Photographers' Blog

Scars and stories on Joplin’s landscape

August 24, 2011

By Eric Thayer

More than three months ago, a massive tornado ripped through Joplin, Missouri, killing almost 160 people and destroying nearly 8,000 homes and businesses. For a week the story garnered national and international attention. A community of 50,000 people was thrust into the spotlight.

Flashback to Baidoa, Somalia: 1992

August 19, 2011

By Yannis Behrakis

It was the beginning of December 1992 and the winter had settled into Athens – the big story was the civil war and the famine in Somalia.

Clearing the rubble but not the sorrow

August 18, 2011

By Kim Kyung-hoon

In 2004 I was in Indonesia’s Banda Aceh covering the Indian Ocean tsunami disaster which killed over 230,000 people in several south Asian countries. I met a tired-looking man tackling huge piles of rubble created by the tsunami in a brave effort to clean it up. He had only a shovel to use on the debris stretching on all sides as far as the eye could see. He stopped a moment and bemoaned to me that it would take more than several years to clear the rubble in his country. He also added that a rich country like Japan could clear it quickly with giant heavy construction equipment if a similar disaster happened in Japan. When I left Banda Aceh after my one-month stay there, the scenery going from the Reuters temporary base to the airport was almost the same as what I had seen on my first day there, and dead bodies still lay on the streets.

Retracing my steps in Pakistan

August 2, 2011

On August 7, 2010, with a camera in hand, I dropped into a flooded village on an army helicopter that was delivering food aid to marooned villagers. As a crewman slid the door open to find solid ground, I leaped out, took some photographs, and managed to get back on before the chopper departed.

Me and the man with the iPad

July 29, 2011

By Barry Malone

I never know how to behave when I go to write about hungry people.

I usually bring just a notebook and a pen because it seems somehow more subtle than a recorder. I drain bottled water or hide it before I get out of the car or the plane. In Ethiopia a few years ago I was telling a funny story to some other journalists as our car pulled up near a church where we had been told people were arriving looking for food.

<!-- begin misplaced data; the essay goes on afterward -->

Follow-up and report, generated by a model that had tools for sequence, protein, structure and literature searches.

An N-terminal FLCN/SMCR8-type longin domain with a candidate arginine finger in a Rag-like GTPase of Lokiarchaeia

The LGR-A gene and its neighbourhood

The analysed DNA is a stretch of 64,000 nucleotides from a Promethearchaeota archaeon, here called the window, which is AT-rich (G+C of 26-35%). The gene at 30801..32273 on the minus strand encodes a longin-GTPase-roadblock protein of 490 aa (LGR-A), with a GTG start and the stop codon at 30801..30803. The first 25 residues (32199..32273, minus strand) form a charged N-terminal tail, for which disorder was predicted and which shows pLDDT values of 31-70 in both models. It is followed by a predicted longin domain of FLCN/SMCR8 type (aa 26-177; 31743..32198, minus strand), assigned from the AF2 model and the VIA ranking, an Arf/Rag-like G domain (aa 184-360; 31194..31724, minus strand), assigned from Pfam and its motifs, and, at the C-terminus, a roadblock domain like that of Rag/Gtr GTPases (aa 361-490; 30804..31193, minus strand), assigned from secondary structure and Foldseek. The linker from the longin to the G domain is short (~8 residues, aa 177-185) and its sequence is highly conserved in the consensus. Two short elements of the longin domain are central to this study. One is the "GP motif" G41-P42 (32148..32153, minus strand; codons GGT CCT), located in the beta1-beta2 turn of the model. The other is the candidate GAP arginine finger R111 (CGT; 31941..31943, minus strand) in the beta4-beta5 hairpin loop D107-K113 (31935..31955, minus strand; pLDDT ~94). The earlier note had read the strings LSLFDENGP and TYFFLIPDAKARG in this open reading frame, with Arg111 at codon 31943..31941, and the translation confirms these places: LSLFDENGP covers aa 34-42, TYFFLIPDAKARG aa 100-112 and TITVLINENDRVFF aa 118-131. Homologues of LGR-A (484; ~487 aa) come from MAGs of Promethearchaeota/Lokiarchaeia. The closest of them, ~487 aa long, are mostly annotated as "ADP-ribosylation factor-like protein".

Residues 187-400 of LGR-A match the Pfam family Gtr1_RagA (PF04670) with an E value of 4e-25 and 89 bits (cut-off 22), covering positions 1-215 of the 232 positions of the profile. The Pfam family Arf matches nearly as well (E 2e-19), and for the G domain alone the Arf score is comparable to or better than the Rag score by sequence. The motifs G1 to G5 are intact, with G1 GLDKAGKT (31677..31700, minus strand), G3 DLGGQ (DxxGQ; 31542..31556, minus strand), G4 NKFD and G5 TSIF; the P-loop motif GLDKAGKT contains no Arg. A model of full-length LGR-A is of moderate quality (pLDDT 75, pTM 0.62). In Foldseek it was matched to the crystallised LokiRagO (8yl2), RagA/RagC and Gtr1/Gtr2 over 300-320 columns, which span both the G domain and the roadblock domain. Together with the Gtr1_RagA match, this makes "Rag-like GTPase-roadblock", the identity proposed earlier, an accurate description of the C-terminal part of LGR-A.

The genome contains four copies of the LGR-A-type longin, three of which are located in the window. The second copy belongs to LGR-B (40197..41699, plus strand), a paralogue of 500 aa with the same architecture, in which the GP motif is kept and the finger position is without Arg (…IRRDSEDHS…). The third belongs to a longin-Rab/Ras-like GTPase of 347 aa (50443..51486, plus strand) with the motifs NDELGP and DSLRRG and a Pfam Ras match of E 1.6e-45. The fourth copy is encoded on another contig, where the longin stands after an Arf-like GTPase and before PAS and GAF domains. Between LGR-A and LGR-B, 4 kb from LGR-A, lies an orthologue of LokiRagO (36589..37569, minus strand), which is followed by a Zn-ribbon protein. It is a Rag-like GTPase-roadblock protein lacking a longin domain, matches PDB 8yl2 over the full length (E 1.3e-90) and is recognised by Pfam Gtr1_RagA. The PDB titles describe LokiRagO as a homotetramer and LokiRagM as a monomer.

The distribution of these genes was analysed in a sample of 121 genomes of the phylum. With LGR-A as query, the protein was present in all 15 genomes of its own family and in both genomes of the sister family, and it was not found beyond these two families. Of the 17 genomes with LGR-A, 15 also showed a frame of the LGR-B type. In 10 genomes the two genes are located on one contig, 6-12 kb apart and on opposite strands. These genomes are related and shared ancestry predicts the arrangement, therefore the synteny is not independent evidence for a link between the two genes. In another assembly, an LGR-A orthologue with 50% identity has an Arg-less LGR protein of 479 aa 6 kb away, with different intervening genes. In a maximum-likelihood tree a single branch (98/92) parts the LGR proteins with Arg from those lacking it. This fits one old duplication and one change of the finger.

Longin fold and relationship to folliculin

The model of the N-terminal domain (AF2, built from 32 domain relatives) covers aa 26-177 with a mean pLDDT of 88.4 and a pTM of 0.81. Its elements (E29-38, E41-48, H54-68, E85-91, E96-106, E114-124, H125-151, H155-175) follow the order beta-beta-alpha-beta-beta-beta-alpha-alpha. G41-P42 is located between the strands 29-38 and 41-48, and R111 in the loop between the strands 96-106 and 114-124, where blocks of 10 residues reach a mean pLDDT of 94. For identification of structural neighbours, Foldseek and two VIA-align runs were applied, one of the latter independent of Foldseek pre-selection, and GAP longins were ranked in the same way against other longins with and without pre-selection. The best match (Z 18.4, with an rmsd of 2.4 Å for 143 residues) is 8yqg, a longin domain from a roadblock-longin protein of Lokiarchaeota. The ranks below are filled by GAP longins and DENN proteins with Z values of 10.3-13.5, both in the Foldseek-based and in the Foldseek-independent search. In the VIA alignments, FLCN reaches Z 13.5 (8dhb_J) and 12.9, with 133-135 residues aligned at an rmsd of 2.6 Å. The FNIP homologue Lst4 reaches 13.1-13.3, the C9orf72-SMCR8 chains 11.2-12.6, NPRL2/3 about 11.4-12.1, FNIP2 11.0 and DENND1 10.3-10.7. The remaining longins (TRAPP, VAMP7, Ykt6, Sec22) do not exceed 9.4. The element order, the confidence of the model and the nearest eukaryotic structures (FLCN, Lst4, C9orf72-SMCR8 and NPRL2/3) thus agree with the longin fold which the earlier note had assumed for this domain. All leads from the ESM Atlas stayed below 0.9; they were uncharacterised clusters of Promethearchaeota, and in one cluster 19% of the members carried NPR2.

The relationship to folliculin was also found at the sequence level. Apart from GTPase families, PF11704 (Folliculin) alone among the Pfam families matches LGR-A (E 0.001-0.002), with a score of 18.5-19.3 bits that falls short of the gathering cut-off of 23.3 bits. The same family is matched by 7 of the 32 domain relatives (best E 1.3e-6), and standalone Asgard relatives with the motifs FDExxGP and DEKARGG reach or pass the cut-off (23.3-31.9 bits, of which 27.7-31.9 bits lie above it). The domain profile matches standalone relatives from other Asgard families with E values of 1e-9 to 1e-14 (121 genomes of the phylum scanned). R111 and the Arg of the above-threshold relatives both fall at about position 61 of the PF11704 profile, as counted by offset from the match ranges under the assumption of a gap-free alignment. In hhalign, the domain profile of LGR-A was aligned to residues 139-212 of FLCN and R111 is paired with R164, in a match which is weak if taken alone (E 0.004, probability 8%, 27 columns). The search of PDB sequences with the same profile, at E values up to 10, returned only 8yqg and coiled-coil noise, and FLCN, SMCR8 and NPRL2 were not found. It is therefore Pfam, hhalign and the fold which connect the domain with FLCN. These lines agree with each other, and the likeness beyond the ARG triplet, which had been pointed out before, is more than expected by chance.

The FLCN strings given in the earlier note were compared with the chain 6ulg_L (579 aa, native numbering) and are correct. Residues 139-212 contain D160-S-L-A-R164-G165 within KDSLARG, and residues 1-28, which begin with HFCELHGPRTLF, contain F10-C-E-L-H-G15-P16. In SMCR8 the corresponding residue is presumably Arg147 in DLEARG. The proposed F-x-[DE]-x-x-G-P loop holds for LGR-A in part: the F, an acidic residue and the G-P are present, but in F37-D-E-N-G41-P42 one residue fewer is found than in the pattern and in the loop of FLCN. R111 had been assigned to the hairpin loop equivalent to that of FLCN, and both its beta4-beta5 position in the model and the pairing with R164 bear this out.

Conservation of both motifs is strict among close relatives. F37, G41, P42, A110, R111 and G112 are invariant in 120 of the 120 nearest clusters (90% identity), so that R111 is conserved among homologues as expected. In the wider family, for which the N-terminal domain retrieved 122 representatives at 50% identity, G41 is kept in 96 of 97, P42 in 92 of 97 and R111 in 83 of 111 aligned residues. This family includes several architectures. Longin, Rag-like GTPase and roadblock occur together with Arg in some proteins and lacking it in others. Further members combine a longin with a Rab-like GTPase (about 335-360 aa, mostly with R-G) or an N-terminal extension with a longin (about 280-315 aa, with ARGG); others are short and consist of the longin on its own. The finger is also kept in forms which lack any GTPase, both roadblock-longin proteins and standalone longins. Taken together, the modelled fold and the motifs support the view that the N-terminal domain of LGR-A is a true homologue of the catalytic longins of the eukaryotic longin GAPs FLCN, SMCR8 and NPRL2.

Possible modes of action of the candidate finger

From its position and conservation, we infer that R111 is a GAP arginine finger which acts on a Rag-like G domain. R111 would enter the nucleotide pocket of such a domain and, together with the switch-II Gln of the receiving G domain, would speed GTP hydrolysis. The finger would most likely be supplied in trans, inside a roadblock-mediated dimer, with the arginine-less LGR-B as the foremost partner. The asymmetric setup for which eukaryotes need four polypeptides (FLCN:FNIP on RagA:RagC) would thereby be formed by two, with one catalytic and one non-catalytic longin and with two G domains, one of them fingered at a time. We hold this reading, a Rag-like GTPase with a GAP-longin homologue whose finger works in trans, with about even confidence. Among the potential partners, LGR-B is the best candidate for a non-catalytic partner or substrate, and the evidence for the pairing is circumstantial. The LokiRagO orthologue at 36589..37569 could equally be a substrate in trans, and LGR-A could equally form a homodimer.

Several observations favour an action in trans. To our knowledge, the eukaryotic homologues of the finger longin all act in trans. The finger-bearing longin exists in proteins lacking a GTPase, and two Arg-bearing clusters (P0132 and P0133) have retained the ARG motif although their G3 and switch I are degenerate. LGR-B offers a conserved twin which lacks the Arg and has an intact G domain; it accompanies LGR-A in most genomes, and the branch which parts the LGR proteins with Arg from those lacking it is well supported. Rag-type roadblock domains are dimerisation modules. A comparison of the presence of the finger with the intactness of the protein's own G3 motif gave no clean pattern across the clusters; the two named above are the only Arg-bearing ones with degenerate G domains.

Beefing up radiation checks

July 27, 2011

Since covering the Fukushima nuclear crisis in March, I have photographed various radiation scenes in the months that followed.

In the face of famine

July 22, 2011

Thursday, July 21, 2011 was supposed to be like any other night shift here on the pictures desk in Singapore – selecting, editing, and captioning pictures as they came in from around the world. On the menu would be coverage of National Day in Belgium, Eurozone summit, Tour de France, Europa League soccer, golf, and the daily file from Libya, Yemen and the rest of the Middle East, just to name a few.

Tips on the fire line

June 17, 2011

My rental SUV smells like a junior high school locker room manned by a chain-cigar-smoking gym instructor and I am standing on the side of the road with my pants and shirt half off cleaning myself with baby wipes and I am itching in areas that are not suppose to itch like that… yeah, I am in the field covering a wildfire.

Their scars, our scars

June 10, 2011

May 1, 2011

I’m on a plane from Los Angeles to JFK. About an hour before we touch down, the word goes out that the U.S. military has found and killed Osama bin Laden in Pakistan. I land, make a few frames at baggage claim of people watching television while I wait for my bag. Then it’s talk my way to the front of a very long taxi line and make my way to Times Square and the site of the former World Trade Center towers, which many now refer to as Ground Zero. I notice an air of celebration.

A daughter’s last goodbye

April 26, 2011

Six-year-old Wakana Kumagai began to run from the car when she arrived at a temporary mass grave site in Higashi-Matsushima, Miyagi prefecture.